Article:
Reforms Cut Cost Of Indigent Care

Chris Wolf

Chris Wolf Photo by Andy Towle. |

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Shelly Thompson

For most doctors, it’s easier to explain heart surgery than medical bills — especially with the major changes coming as a result of the Affordable Care Act.

So Payson Regional Medical Center’s Chief Executive Officer Chris Wolf, Chief Financial Officer Peter Finelli and Business Office Director Shelly Thompson took on the topic of billing and insurance at a recent Lunch & Learn hosted by the Senior Circle.

Wolf said even he has to rely on Thompson to explain things. Thompson has been with the hospital for 20 years and “is a top authority on reimbursement and without her, I’d be just as blind as you.”

Thompson said, “Medicare is your insurance and we bill and collect for you and do everything we can to help you with that.”

Finelli said up until 2011, Arizona was one of only a few states to provide a Medicaid-type service (the Arizona Health Care Cost Containment System) for childless adults. When the state removed 300,000 childless adults from AHCCCS, the cost went up 11 times for hospitals to cover the care of the indigent. No hospital can turn away anyone seeking emergency medical care, regardless of their ability or inability to pay, he said.

Even with the return of those childless adults to the AHCCCS rolls, he said Medicare and Medicaid barely cover the costs of services provided.

“Health care is expensive and has lots of underlying cost,” Finelli said.

The expansion of the AHCCCS rolls will most likely make Arizona health care more expensive, he said. The state’s hospitals have agreed to be taxed to cover Arizona’s share of the expansion, Finelli said. The hospitals agreed not to raise rates to cover the cost of the new hospital tax on the theory that providing additional coverage for the uninsured would reduce their uncompensated care burden. The federal government will pay for most of the costs of the program, but the state and hospitals will still face additional costs, he said.

The health insurance exchanges the new law requires could also increase costs, although some other states that have set up the exchanges have found the cost of the policies actually went down.

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Peter Finelli

Finelli used an illustration placing the average annual cost of base insurance at about $10,000. With the exchanges, the participating insurance companies will be covering about 96 percent of the premium — or $9,600 of the $10,000, leaving the policyholder to pay the balance of 4 percent or $400. However, patients can also get income-based subsidies that could cover all or most of their premium cost.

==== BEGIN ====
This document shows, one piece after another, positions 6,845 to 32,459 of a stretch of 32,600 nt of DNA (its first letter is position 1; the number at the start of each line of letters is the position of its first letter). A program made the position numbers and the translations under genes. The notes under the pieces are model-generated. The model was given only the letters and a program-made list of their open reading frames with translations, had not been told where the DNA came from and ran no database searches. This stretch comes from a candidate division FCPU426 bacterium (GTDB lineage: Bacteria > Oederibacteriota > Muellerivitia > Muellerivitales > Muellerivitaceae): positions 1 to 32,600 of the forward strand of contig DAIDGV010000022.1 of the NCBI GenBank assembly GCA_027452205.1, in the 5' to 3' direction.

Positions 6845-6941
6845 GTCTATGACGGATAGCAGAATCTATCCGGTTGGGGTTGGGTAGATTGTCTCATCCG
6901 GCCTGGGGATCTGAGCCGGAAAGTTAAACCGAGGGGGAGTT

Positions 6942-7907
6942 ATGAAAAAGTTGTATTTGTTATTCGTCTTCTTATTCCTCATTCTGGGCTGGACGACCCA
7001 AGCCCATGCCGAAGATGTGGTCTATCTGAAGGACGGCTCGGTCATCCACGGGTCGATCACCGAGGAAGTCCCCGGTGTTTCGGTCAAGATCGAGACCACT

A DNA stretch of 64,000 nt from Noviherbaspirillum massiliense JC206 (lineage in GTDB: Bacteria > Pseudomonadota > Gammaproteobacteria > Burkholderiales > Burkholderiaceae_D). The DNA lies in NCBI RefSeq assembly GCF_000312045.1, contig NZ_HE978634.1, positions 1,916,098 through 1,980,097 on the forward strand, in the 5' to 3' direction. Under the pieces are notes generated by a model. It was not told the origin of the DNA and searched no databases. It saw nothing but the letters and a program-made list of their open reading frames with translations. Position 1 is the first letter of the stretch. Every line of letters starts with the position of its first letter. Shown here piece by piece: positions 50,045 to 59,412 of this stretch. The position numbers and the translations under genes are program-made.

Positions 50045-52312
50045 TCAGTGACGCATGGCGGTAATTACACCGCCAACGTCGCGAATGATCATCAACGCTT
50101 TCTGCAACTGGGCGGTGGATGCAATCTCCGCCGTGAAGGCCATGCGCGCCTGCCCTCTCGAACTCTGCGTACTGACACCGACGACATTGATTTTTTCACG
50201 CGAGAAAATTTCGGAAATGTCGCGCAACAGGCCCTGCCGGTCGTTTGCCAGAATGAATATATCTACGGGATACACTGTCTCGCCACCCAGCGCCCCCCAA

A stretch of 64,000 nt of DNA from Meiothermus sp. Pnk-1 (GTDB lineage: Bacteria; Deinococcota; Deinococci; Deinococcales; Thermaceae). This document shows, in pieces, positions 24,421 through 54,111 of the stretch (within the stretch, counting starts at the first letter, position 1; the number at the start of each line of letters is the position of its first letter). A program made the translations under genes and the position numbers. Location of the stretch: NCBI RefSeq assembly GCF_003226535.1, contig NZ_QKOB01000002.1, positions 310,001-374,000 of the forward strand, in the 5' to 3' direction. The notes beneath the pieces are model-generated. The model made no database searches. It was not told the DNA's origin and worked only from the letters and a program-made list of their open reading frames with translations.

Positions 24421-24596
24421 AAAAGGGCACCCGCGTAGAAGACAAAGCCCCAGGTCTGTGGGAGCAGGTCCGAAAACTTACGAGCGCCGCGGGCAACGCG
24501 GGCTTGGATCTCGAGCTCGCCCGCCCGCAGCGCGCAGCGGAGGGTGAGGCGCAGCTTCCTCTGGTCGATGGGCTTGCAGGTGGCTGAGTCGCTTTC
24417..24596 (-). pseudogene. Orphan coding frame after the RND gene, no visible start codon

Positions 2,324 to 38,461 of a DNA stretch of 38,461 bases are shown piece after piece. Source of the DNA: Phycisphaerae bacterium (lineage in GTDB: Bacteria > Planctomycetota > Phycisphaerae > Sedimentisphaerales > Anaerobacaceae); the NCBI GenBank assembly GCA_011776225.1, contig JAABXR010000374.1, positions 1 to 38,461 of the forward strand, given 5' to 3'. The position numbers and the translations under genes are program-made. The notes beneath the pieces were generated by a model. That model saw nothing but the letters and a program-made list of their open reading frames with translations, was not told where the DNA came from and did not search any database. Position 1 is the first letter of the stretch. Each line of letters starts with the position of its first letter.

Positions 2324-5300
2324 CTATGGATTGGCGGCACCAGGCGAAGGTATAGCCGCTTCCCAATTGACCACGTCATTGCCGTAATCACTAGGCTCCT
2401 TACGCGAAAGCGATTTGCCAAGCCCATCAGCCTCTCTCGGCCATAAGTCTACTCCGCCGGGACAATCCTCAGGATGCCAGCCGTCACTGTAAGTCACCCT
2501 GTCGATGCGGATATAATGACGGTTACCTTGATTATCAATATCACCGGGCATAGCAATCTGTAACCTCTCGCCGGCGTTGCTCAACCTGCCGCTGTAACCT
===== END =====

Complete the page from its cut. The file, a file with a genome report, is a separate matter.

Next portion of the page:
If people don’t sign up for insurance, they will be penalized $95 the first year and about $270 the second year. And the Internal Revenue Service will take the money from your tax refund, Finelli said.

Most young people would rather skip enrolling and deal with the penalty — it is less expensive than their share of the health insurance premium.

He said only one company in Arizona “signed up” to be part of the insurance exchange — Blue Cross.

Other companies see the costs as too expensive to be fiscally sound.

“The majority of the users (of the exchanges) are likely to be unhealthy and in constant need of services,” Finelli said.

Every new enrollee is entitled to a mandatory health screening and coverage for pre-existing conditions. The new law also bars a cap on lifetime benefits.

He said an unprecedented number of Americans (the baby boomers) are entering the peak years of need for services.

“No one is looking at how to reduce health care costs, they are looking at how to pay for it,” he said. “In fact, insurance companies are ramping up premiums — sometimes by double digits — to cover the cost of providing for those with higher risks.”

However, California and New York have attracted many insurance companies to their health exchanges. The policies on the exchange range from significantly cheaper to slightly more expensive than comparable policies on the private market, despite the increased coverage requirements. Arizona decided not to set up its own exchange, which means the federal government will set up the exchange in this state, which will offer residents one-stop shopping for insurance. People who apply for a policy on the exchange can also apply for a federal subsidy to reduce the cost of their premium.

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